Professional bookkeeping companies like MSBP are designed to help small business professionals like you avoid and correct mistakes. What—you say you don’t make any? Sorry to break the news to you, but you’re not perfect—no one is, but it turns out even the smartest small business owner is prone to the occasional oops.

Now, the good news: recognize the mistakes you tend to repeat, and you can stop making them, avoid them in the future, and set your organization in the right direction. The professional bookkeeping expertise of MSBP can help you correct course, and stop doing things like below.

Taking money you haven’t earned

Just because there’s a multi-digit number showing on your company bank statement doesn’t mean that money is free to spend. That dough often is spoken for—you’ve got utility bills, payroll and payroll taxes, sales taxes, rent, amounts owed to vendors, and more. Let’s focus on those vendors—you have a great relationship with them, and you need to keep it that way. If you let a regular payment to a vendor slide once or twice, that good faith can fade, and they’ll be less inclined to deliver you the goods and services you need, at a good price, and on time.

Spending company money on personal stuff

Owners too often think, “Hey, it’s my company—so it’s my money, right?” then spend business funds on personal gear. Sadly, that can get you into a giant hole, finance-wise. One, the whole intent of setting your company up as an LLC is to protect your personal assets should trouble occur. A CPA colleague once gave a client a heavy dose of reality in this arena, pointing out that in the case of a lawsuit, audit or other legal trouble, any decent attorney on the other side of the table will be able to extract those personal expenses you’re running through the business and then boom—you’re on the hook, your business is in trouble, and your personal assets are in their sights.

Additionally, mixing personal and business expenses can make tax time an expensive nightmare. It’s difficult or impossible to tackle your tax returns without huge tangles and headaches. You could end up with huge fines and penalties, surprised when items you were expected to be able to deduct are disallowed, and more. Finally, if your personal and business expenses are a jumble, you can never accurately track your business’s necessary expenses and income, and that’s something you must be able to do if you want to succeed and grow.

Skipping payroll and estimated taxes

No one has ever said, “I love paying taxes—it’s so much fun!” It’s a necessary part of doing business, even if paying them can be painful. It’s also confusing, but taxes are something you have to sort out, so get the help of a financial professional if you must. If you don’t take care of them regularly and on time, you could be socked with penalties, interest and other hits. If there’s anything worse than giving your hard-earned money over to the government, it’s writing them a check for money that you didn’t need to be sending them, because of an oversight on your part.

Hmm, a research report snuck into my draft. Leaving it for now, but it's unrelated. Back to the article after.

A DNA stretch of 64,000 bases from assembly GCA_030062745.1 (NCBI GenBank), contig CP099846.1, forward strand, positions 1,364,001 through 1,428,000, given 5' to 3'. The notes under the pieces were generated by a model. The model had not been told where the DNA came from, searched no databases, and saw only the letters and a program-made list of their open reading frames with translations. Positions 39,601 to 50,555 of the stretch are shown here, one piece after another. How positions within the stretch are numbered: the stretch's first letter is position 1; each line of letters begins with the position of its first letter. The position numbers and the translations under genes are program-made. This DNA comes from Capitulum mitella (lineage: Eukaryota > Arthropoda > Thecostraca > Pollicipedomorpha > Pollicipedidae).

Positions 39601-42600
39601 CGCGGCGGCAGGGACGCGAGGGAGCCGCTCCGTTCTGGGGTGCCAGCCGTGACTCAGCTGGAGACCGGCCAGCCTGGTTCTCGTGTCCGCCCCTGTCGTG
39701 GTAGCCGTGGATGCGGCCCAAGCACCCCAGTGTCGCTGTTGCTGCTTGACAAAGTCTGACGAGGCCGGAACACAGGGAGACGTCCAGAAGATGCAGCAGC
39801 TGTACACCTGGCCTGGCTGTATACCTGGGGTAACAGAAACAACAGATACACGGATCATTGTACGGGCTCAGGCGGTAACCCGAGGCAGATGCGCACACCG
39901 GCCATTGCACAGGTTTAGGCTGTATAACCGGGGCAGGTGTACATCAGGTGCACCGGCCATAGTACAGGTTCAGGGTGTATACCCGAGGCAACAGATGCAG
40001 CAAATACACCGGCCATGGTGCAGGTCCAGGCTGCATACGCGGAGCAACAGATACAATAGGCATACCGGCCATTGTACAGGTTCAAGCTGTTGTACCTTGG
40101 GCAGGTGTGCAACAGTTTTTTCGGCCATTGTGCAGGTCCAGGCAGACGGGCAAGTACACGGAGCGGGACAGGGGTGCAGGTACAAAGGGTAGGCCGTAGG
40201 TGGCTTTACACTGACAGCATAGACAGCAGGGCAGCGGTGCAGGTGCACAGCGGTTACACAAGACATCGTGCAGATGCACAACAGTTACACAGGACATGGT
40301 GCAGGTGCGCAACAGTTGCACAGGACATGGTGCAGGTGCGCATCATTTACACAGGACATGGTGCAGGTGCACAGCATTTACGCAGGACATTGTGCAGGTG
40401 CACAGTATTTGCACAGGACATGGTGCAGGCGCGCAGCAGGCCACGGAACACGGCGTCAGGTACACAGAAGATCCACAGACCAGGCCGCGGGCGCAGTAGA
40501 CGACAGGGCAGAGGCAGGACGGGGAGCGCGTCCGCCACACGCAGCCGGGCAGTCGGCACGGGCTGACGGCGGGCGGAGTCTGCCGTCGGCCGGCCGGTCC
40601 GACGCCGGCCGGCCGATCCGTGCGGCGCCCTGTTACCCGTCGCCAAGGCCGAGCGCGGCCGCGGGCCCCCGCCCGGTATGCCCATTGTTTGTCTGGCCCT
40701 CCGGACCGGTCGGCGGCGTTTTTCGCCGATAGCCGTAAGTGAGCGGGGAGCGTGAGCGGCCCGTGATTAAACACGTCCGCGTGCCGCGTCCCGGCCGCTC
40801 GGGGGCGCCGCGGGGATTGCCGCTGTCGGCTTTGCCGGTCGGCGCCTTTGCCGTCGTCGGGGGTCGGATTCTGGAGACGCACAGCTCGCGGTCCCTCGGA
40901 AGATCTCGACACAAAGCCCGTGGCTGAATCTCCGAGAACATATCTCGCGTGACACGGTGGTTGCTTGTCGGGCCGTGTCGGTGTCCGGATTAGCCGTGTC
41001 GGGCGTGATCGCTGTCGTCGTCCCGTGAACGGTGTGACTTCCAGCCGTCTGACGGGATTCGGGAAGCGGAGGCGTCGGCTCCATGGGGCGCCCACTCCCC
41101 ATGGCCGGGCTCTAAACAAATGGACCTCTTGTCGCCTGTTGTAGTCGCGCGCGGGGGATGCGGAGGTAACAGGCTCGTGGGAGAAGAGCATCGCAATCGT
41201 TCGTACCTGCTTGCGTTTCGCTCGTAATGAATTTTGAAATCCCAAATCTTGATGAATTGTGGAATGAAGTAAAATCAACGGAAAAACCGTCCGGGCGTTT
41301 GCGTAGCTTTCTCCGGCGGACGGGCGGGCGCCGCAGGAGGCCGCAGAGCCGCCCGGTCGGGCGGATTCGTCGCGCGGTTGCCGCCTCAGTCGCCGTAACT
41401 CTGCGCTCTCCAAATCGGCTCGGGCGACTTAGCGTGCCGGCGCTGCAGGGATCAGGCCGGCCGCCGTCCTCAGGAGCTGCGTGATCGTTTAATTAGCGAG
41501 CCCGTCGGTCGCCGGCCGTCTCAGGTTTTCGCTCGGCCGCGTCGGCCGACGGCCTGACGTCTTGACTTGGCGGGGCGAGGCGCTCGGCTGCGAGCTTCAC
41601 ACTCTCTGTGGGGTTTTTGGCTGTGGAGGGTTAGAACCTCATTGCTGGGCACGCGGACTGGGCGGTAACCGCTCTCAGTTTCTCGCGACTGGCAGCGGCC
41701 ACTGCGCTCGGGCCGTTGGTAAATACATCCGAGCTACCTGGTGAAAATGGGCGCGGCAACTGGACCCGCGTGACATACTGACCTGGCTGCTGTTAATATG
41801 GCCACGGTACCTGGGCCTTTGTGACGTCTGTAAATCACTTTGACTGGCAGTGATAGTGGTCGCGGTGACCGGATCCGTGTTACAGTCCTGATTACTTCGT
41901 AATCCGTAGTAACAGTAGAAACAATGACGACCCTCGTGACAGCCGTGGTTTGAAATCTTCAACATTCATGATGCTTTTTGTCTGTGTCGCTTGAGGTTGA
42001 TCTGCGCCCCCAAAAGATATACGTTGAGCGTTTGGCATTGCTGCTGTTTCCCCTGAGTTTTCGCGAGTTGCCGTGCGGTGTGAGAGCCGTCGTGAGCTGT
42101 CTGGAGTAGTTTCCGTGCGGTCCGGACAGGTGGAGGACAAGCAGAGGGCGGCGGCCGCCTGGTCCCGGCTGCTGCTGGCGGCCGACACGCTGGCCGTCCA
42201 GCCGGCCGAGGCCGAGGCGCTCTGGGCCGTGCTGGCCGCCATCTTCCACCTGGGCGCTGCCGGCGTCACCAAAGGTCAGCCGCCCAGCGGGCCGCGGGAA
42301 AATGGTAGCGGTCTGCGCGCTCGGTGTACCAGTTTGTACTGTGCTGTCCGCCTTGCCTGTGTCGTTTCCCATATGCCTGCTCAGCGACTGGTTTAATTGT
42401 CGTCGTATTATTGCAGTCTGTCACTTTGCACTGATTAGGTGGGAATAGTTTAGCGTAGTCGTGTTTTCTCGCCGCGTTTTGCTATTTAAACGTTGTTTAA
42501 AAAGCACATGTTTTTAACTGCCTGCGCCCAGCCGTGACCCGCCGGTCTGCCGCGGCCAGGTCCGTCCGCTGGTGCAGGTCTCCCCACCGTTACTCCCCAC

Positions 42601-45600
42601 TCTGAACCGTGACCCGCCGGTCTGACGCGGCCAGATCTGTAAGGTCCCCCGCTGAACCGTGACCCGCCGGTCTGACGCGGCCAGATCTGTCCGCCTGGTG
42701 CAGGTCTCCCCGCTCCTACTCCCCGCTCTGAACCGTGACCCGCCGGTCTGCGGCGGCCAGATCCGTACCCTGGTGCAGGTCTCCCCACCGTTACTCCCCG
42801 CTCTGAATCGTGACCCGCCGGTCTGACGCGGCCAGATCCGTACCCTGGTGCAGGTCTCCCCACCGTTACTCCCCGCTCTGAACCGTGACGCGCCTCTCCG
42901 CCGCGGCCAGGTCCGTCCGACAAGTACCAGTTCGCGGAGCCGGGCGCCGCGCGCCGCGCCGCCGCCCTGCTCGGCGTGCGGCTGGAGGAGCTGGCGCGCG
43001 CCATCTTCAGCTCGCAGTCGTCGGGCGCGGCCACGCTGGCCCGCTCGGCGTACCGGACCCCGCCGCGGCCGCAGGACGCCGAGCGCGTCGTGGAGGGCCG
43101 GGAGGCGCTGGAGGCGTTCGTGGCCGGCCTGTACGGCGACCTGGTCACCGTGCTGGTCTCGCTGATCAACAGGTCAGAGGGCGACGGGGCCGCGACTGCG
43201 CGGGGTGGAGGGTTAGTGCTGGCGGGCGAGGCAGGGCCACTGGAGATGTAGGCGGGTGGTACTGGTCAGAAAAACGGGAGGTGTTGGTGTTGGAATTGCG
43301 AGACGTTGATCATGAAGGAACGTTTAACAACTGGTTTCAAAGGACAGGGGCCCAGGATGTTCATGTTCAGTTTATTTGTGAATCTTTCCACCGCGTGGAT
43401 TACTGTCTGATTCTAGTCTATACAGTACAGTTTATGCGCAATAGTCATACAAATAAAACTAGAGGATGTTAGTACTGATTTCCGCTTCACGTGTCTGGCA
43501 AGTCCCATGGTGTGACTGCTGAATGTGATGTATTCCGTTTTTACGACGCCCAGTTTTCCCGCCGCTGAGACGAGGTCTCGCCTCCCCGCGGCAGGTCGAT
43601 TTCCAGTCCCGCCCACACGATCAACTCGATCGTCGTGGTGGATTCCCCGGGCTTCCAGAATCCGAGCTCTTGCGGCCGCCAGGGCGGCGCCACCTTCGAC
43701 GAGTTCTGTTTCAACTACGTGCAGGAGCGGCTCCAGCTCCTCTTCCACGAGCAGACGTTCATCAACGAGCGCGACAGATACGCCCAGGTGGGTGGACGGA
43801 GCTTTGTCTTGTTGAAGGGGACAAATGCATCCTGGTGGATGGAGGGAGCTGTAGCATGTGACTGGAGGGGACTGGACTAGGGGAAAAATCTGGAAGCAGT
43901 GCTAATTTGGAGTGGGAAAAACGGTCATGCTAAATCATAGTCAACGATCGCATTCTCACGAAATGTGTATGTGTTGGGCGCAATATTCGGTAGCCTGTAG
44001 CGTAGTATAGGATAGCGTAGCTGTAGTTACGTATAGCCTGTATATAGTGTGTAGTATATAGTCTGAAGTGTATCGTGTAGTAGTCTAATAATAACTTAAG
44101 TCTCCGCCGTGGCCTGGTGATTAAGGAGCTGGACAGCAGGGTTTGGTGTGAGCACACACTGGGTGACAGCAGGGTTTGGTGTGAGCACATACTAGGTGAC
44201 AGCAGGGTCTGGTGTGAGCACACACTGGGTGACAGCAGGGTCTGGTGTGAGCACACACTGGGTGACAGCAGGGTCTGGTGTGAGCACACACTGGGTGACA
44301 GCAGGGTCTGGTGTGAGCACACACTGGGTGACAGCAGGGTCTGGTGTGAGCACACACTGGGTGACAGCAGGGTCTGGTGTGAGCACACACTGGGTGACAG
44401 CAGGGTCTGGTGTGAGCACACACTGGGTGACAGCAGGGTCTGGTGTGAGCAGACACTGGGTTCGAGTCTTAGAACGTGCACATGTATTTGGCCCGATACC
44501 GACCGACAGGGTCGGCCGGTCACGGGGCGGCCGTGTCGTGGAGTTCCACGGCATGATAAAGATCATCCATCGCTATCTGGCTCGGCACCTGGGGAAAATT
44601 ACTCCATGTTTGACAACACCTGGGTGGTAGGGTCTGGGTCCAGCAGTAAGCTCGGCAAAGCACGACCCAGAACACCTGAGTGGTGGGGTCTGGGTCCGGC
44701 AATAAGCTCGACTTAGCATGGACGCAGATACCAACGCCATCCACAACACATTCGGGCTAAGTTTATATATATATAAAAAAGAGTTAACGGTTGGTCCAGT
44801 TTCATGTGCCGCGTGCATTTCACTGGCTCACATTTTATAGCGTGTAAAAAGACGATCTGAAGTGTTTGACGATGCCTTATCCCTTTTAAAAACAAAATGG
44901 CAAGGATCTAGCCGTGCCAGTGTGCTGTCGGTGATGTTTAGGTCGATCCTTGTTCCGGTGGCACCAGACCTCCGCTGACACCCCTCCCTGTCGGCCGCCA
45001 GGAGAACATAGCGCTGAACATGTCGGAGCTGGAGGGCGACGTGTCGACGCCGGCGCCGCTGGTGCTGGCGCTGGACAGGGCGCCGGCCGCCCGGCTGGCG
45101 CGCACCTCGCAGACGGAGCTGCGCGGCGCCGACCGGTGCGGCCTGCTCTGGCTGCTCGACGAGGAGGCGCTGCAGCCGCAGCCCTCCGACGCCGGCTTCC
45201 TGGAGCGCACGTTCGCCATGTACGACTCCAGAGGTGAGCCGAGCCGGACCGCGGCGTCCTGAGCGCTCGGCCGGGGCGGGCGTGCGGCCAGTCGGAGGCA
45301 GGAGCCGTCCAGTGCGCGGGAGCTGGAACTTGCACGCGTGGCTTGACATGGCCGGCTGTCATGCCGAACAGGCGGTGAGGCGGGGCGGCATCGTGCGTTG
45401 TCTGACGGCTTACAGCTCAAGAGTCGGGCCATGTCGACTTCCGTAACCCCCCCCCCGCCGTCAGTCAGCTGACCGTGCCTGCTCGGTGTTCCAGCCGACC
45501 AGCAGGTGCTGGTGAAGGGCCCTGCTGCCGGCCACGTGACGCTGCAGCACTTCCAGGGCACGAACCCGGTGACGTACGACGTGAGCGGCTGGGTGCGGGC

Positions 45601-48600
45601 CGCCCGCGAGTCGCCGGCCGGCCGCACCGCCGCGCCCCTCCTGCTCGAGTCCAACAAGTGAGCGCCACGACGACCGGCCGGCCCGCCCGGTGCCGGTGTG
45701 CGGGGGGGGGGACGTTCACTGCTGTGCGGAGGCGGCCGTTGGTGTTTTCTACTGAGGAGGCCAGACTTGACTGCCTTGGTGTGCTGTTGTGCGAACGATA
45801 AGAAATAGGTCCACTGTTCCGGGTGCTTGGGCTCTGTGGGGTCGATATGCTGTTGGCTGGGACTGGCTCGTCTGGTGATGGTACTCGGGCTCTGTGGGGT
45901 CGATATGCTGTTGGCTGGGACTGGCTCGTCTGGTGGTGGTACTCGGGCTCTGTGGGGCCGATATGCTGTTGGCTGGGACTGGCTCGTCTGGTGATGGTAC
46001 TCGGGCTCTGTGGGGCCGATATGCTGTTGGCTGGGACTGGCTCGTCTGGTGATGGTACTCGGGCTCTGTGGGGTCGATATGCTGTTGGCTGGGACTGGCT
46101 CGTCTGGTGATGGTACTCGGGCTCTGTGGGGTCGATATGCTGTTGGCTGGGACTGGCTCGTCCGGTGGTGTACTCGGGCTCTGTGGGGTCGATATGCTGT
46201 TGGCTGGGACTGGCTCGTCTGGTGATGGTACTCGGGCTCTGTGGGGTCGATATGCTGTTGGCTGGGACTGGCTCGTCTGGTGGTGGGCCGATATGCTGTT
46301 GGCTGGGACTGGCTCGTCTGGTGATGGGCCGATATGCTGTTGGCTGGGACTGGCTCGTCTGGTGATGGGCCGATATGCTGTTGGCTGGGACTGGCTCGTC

Failing to reconcile accounts

This is something we’ve talked about before, but it bears repeating. Every small business professional needs to keep on top of their checking accounts, invoices, expenses, taxes, and other places their money comes from and goes to. It might be tempting to just trust that your records are accurate and that the bank has put your deposits where they’re meant to land, but that’s a dangerous assumption that could bite you in the you-know-what. Checking in regularly with whoever handles your money is a wise idea, because it can catch mistakes before they snowball and turn into disasters.

Recently a client thought they’d deposited $1,700 payment in the bank. When I tackled reconciling for them, the money wasn’t in the account. After a long, wild office frenzy, we determined she hadn’t actually deposited the money—it turned up in a misplaced envelope at the bottom of her tote. I’ve also seen banks funnel a deposit into the wrong account (i.e. personal instead of business), or even deposit it in the account of an entirely different person (for example, a business account held by a company with a similar name or an account with one different digit). Reconciling your accounts can catch such mistakes—if you don’t reconcile, you could start bouncing checks or conceivably lose that money forever.

Doing it all yourself

Small business owners by nature tend to be self-sufficient, to a fault. Their pride can get in the way and they take on too much. With all due respect, GET OVER YOURSELF. You’re great at the day-to-day details of a restaurant, or fixing pipes, or making handcrafted furniture, or whatever the specialty of your business happens to be. To succeed and grow your company, you must delegate the things that aren’t among your core capabilities to others and leave the talents you haven’t spent years honing to other people. Successful owners recognize their weaknesses, along with their strengths, and surround themselves with people who are smarter in the areas that aren’t their forte. For example, the trained, expert professional bookkeeping talents of MSBP can handle the financial aspect of your organization, pinpointing potential profit and problem areas, and streamline your money, so you can focus on what you do best: connecting with clients, delivering superior products and services and growing your business.

Do you know what your weak spots and common mistakes are? If your answer is either “no” or “I don’t have any,” you need a professional bookkeeping expert to help you see the light. Contact me at and I’ll help you straighten things out.